Second, pain is perceived as dominant compared to other physical sensations, followed by a higher attention to the pain region (26), potentially leading to a negative evaluation of the (whole) body. Consequently, the body image tends to be negative, which might affect the engagement in physical activity and exercise (8): Some people avoid physical activity, others are stimulated to do more sports. Both facets are known as important risk factors for chronic LBP (13). Therefore, for those patients focusing on negative aspects of their body it could be helpful to concentrate on positive aspects of body experience, e.g., concentrating on the functionality of other parts of the body (47).
Psychosocial Interventions on Motivation and Self-Regulation
State of Research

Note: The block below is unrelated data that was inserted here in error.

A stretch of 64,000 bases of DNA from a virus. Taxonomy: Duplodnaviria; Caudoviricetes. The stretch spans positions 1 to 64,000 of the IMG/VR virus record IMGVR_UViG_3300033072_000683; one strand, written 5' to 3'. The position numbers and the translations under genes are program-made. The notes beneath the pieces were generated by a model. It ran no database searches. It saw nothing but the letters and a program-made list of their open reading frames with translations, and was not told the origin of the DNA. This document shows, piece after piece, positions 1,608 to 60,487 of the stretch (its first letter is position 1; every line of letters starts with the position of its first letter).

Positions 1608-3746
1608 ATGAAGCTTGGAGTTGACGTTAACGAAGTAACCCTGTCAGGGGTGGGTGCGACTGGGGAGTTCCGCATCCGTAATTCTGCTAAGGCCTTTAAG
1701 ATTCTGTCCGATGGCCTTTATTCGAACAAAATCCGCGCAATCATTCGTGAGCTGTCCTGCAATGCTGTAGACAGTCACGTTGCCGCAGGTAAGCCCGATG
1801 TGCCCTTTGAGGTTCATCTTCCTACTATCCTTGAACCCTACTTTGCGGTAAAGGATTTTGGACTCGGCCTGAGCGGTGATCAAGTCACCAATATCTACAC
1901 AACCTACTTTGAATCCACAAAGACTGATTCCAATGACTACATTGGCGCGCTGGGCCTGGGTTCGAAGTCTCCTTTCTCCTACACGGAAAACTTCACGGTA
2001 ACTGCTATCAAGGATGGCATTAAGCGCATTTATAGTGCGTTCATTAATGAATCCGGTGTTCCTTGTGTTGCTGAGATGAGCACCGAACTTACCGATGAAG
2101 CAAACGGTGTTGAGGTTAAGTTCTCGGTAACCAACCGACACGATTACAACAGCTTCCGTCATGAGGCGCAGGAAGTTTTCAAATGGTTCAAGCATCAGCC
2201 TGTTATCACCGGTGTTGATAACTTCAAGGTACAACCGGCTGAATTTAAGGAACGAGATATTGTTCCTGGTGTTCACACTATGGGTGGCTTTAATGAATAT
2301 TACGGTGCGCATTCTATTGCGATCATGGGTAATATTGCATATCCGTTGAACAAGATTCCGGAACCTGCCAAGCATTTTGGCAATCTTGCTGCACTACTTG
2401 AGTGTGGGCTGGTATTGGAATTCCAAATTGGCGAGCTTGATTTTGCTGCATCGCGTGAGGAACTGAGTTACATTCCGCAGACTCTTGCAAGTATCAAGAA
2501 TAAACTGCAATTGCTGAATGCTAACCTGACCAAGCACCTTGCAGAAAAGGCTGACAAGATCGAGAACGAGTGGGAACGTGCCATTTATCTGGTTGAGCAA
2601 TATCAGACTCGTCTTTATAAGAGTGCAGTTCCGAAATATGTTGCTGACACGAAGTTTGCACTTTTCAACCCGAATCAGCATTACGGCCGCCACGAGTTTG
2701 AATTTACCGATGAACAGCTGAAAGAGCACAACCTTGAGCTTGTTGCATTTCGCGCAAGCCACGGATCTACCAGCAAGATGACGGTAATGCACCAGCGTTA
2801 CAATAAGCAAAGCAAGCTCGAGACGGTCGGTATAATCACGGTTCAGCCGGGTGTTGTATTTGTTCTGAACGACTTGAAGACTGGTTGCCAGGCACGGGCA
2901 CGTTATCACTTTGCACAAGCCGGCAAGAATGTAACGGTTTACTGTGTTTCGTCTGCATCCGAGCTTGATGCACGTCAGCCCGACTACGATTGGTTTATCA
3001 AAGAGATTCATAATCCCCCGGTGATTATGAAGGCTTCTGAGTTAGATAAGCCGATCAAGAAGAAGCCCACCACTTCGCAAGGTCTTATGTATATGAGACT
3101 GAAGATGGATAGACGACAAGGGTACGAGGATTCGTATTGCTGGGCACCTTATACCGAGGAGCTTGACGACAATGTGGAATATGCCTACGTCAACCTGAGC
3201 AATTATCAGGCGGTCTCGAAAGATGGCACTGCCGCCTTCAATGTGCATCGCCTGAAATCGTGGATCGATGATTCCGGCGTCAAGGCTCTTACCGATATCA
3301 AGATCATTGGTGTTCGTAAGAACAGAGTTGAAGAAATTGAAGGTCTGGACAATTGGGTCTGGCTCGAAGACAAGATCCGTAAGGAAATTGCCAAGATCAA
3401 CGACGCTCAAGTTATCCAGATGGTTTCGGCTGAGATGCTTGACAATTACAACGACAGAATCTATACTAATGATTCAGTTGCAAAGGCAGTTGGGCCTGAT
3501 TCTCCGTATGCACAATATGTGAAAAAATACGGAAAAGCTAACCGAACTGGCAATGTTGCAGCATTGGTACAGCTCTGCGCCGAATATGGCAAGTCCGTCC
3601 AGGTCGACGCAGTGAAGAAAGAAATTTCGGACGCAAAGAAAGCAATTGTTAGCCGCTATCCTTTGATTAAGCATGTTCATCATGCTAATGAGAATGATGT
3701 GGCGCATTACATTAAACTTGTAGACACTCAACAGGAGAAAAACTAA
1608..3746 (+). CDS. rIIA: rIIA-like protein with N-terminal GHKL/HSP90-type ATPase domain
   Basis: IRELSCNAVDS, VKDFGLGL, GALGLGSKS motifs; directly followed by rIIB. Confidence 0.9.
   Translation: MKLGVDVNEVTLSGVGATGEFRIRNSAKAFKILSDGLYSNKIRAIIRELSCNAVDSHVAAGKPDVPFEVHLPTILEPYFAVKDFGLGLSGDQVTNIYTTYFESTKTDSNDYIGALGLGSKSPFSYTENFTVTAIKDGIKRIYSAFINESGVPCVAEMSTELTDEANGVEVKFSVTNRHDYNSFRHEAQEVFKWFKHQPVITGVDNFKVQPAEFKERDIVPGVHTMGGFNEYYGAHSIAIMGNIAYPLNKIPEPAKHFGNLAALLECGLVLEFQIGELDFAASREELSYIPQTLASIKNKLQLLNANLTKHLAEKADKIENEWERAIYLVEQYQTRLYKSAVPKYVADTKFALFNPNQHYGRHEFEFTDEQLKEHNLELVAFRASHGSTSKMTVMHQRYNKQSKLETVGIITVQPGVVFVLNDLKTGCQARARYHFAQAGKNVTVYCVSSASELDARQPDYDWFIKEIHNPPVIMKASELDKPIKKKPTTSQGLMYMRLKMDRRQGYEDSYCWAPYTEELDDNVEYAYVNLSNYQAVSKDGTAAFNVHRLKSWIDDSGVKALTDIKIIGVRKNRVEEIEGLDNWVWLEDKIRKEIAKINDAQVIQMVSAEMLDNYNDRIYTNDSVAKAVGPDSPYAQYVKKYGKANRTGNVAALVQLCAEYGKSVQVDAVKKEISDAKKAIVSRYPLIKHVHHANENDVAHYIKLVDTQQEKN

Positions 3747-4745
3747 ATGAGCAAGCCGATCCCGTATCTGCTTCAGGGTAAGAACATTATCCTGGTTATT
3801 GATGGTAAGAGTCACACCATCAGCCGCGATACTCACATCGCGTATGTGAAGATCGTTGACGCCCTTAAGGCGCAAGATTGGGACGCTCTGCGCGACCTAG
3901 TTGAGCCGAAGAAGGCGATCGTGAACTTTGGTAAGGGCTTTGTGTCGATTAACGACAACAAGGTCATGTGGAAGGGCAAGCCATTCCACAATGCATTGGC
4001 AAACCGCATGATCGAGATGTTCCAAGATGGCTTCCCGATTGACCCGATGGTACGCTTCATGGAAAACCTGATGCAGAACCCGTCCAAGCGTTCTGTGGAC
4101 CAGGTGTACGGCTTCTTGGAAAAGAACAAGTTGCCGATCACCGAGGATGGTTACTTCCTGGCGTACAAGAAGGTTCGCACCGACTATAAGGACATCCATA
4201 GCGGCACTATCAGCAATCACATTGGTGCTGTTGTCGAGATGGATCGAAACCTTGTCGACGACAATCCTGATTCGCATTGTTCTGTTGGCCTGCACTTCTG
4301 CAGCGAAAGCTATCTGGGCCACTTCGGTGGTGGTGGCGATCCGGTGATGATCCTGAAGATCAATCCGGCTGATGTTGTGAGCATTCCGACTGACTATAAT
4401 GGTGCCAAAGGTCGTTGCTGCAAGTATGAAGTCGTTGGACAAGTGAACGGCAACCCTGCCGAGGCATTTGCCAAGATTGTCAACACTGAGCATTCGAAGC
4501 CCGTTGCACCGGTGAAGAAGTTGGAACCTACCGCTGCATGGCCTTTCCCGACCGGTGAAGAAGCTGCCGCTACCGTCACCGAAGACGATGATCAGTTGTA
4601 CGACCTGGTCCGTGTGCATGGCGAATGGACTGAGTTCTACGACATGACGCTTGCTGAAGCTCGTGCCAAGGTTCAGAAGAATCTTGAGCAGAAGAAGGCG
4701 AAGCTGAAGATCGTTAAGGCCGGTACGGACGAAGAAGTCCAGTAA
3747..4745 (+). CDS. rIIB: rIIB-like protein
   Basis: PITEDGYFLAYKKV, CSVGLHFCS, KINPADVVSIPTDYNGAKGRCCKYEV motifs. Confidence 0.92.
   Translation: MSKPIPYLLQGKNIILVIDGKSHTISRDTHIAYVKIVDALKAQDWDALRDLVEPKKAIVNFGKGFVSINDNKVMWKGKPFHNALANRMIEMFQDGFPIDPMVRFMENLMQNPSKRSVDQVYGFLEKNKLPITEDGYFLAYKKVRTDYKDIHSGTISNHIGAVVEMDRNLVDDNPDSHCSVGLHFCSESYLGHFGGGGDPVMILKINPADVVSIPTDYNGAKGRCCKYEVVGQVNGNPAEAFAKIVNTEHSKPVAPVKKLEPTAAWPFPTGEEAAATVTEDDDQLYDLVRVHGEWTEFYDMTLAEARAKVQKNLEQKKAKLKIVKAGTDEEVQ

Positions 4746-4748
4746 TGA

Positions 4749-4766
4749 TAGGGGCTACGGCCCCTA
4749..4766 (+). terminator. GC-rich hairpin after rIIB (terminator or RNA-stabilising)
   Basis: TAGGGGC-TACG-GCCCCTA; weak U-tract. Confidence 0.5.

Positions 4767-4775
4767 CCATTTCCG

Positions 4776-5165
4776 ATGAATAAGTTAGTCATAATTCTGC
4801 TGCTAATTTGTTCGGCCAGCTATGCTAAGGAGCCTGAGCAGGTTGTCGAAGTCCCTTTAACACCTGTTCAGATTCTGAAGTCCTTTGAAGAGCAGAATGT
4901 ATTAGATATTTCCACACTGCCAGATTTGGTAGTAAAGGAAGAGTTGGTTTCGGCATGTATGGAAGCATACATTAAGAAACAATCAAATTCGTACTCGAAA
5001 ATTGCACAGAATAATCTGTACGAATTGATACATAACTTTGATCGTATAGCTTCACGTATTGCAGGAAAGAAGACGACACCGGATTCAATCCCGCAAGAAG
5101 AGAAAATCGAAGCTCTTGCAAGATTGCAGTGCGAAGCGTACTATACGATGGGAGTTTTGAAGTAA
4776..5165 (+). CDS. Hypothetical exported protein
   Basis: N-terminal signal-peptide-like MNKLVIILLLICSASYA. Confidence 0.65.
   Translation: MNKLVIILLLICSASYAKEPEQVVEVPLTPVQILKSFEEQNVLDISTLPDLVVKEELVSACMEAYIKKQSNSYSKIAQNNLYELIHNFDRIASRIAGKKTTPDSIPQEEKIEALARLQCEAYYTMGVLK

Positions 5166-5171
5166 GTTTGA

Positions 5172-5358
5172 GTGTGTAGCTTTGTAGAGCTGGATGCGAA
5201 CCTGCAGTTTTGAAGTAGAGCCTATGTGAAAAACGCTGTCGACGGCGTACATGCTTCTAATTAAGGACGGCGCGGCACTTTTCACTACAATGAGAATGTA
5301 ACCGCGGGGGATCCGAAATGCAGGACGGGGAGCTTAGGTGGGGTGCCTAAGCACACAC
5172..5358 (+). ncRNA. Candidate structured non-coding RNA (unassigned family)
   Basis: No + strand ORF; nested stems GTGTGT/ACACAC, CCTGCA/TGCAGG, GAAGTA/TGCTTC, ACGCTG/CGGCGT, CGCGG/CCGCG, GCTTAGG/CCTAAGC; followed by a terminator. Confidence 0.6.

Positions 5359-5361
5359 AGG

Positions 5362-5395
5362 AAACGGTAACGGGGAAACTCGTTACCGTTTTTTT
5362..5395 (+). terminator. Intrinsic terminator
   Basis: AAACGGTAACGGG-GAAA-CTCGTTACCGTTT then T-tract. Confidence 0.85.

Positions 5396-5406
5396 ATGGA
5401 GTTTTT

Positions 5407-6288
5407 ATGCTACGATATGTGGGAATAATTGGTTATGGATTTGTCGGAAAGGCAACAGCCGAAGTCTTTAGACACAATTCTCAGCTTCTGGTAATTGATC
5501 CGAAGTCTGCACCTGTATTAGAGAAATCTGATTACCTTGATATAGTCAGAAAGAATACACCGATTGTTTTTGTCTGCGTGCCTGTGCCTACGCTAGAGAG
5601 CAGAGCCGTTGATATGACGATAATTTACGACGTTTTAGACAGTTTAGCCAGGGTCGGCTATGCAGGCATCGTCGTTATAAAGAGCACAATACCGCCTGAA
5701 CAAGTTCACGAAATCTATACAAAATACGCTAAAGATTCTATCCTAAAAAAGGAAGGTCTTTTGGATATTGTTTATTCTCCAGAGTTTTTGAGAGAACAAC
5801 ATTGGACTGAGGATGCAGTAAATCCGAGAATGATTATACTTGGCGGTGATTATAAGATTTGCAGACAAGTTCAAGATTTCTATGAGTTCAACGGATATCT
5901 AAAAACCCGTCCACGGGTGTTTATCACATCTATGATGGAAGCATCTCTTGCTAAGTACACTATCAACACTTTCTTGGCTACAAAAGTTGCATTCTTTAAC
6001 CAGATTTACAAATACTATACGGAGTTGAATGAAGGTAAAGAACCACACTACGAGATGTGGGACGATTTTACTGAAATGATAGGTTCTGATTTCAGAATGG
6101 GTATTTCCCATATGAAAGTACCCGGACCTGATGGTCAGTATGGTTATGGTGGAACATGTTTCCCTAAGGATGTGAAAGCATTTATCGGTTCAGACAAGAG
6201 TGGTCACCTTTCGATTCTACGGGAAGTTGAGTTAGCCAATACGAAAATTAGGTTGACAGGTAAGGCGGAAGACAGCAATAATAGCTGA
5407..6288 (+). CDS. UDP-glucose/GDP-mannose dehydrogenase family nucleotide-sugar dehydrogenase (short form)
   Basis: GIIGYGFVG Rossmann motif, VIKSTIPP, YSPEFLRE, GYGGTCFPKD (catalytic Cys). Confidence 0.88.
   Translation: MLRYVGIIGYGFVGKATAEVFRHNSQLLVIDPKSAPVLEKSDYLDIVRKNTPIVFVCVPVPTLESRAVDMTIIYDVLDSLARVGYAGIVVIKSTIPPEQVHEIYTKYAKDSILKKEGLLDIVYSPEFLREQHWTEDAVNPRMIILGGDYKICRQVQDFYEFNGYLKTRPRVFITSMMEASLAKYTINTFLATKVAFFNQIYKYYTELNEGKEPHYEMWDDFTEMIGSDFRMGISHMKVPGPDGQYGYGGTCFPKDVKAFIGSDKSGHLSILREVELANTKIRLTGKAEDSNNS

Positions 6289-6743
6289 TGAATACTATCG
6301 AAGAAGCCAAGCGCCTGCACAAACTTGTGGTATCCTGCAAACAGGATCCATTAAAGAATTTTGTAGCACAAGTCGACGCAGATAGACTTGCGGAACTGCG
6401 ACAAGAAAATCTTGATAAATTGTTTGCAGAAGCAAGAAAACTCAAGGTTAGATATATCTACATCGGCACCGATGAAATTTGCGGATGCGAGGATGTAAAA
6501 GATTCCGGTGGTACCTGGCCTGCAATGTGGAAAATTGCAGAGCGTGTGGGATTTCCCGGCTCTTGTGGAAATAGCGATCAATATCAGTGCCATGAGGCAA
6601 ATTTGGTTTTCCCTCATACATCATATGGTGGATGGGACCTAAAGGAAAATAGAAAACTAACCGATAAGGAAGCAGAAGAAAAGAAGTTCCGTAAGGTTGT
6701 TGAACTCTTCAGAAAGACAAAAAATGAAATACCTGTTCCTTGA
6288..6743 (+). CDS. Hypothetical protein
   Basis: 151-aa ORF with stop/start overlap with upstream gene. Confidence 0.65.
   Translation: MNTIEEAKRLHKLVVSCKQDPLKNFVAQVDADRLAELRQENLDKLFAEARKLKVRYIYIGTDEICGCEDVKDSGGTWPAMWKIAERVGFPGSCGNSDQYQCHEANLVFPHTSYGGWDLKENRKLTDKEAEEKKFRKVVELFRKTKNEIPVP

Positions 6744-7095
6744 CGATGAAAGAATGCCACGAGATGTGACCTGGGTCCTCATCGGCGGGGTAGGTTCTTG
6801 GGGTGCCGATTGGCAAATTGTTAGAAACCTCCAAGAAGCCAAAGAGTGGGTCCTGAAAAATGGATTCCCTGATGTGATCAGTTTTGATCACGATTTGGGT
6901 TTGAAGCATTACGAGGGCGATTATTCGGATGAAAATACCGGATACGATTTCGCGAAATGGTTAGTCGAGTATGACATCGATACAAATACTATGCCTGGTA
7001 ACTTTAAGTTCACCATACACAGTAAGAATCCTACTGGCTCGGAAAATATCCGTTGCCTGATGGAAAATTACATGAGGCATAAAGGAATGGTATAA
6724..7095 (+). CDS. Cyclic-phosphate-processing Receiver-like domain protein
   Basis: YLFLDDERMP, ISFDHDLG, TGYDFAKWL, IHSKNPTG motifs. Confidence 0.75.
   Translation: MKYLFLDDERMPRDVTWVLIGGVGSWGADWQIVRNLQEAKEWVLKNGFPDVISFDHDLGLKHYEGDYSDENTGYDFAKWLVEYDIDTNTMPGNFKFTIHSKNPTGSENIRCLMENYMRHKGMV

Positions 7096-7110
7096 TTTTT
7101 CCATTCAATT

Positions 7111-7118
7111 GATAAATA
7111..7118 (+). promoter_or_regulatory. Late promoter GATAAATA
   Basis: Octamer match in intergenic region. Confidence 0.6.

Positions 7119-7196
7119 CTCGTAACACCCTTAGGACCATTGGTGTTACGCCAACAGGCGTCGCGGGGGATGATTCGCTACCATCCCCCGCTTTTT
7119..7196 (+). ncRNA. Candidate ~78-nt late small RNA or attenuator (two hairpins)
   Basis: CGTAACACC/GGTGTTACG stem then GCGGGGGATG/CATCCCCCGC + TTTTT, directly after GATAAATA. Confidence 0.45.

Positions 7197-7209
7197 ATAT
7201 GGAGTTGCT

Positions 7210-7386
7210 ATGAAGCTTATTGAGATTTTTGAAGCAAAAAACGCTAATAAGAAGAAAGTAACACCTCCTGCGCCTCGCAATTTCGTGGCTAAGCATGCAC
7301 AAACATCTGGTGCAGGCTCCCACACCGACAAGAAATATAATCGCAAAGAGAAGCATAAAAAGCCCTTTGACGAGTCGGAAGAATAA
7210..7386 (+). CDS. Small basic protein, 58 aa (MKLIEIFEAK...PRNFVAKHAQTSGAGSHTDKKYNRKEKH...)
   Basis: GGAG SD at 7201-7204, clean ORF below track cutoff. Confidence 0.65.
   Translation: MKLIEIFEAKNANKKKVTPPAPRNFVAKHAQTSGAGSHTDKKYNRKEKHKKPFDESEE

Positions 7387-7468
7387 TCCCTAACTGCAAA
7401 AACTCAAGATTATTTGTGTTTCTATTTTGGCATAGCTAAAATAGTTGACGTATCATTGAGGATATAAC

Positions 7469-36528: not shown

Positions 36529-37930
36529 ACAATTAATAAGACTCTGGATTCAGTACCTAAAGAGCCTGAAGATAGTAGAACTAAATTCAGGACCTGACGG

Physical activity (PA) and exercise are an essential part of therapy in BP patients, with all current therapy strategies containing some kind of physical exercise, supported by empirical evidence of exercise therapy (16). Consequently, there are many different approaches in the literature to enhance PA in patients with LBP. Current evidence indicates that motivational and volitional techniques can improve PA and result in an effective long-term adherence (4, 7, 22, 29). Studies on the enhancement of PA in LBP patients are typically designed as multimodal treatments aiming at both the improvement of PA and the reduction of pain. For instance, Hofmann et al. (20) combined a behavioral medical rehabilitation treatment with a behavioral exercise therapy to reduce barriers to recover and relax and to thereby increase physical functioning. A similar multimodal arrangement was assessed by Ben-Ami et al. (2) who combined different intervention components while considering a stage model (i. e., the transtheoretical model; TTM) as a theoretical basis for behavior change. An additional focus was applied by Pfingsten, Hildebrandt, Franz, Saur, and Seeger (37) who used cognitive techniques aiming at improving the patients’ ability to control and strengthen their behavior change, especially for the patients’ PA level at home.